We were reminded this week that president Donald Trump likes his steaks cooked well-done and smothered in ketchup. On its own, this piece of information matters little—who cares why one man wants to turn lovely $54 cuts into dried-out, rubbery hunks of protein? But as with most minor Trump-related quirks that become internet take-bait, the reactions to Trump’s steak preference say a lot more than the preference itself—especially about the bizarre way meat, its varying degrees of bloodiness, and masculinity are mixed up in America.
Plenty of outlets have condemned Trump’s choice in meat preparation in the year since that personal detail first came out. The Huffington Post called it “the worst possible way” to eat a steak last March; earlier this week, Jezebel claimed the practice made the president seem “like a damn child.” Preemptively heading off readers who might dismiss a steak hot take as distracting from politics and policies that matter, Eater contended that “Actually, How Donald Trump Eats His Steak Matters,” then spent nearly 1,800 words explaining what consumption of certain kinds of meat can reveal about a person’s ability to trust others and take advice.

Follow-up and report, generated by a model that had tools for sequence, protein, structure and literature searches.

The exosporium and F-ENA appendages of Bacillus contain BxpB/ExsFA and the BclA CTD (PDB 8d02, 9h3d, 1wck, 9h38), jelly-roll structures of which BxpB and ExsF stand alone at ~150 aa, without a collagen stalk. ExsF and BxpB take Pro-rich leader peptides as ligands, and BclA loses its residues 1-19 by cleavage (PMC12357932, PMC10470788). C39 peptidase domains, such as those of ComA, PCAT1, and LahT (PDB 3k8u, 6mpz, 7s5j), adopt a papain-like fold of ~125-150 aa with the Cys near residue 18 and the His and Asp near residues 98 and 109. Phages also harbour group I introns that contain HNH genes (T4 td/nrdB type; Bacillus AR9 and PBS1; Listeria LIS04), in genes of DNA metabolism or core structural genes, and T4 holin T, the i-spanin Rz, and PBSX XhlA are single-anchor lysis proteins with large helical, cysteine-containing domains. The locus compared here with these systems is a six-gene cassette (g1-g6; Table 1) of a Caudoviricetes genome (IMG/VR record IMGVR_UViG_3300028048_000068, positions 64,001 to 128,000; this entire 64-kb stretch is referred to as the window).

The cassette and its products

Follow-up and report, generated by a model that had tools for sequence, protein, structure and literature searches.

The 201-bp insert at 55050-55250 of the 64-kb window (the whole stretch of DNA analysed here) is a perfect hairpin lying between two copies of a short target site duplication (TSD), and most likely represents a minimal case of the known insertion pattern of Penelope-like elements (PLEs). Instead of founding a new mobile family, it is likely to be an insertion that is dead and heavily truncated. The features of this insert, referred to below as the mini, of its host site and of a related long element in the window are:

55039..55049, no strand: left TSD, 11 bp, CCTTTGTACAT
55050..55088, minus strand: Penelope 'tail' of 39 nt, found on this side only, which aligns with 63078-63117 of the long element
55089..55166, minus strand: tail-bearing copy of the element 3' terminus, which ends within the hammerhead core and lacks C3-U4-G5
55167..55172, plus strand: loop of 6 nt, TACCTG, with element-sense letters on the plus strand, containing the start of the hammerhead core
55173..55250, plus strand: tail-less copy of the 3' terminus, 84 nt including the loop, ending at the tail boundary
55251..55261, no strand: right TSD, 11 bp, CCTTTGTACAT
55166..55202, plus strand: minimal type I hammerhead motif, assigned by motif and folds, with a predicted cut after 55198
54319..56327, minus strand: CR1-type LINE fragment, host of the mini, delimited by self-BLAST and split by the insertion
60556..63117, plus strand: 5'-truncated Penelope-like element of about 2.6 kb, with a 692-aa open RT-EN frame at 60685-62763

In response, some alt-right America-first #MAGA people have done what they do best: react to something silly with knee-jerk extremism and brain-contorting insults. “Only men with testosterone deficiencies order their steak anything less than burnt to a crisp,” tweeted an InfoWars editor, writing that progressives need a “trigger warning” for the “traumatizing” content of a photo of Trump nomming on a golden fork. Someone on the r/The_Donald subreddit joked (?) that “satanists and pedophiles like their meat raw,” so it “makes sense that Trump would like his well done.” This sudden love among right-wingers for brown, shriveled discs of flesh was the subject of a nice comic from Matt Bors at the Nib. “Flavor is for cucks. I burn my steaks now,” says the strip’s Trump fanatic, who cuts his meat with a chainsaw. “We are owning libs so hard with our steak eating. Hashtag #welldone.”
The defense of a well-done steak in communities that normally go to great lengths to defend the purity of their masculinity is a wonder to behold. ‘Twasn’t but a short time ago that the rare steak, close as it is to the animal in its live, hunted form, was the thing men were supposed to eat. While writers critique Trump’s preferred meat treatment for its assault on flavor and texture, people on Twitter are questioning his manhood: “No real man would have voted for Trump if they’d known he eats steak ‘well done with ketchup,’” one man tweeted. Another user cast doubt on the idea that Trump could be “a real man’s man” with that kind of taste, calling him a “pansie-ass” who’d be better off eating chicken.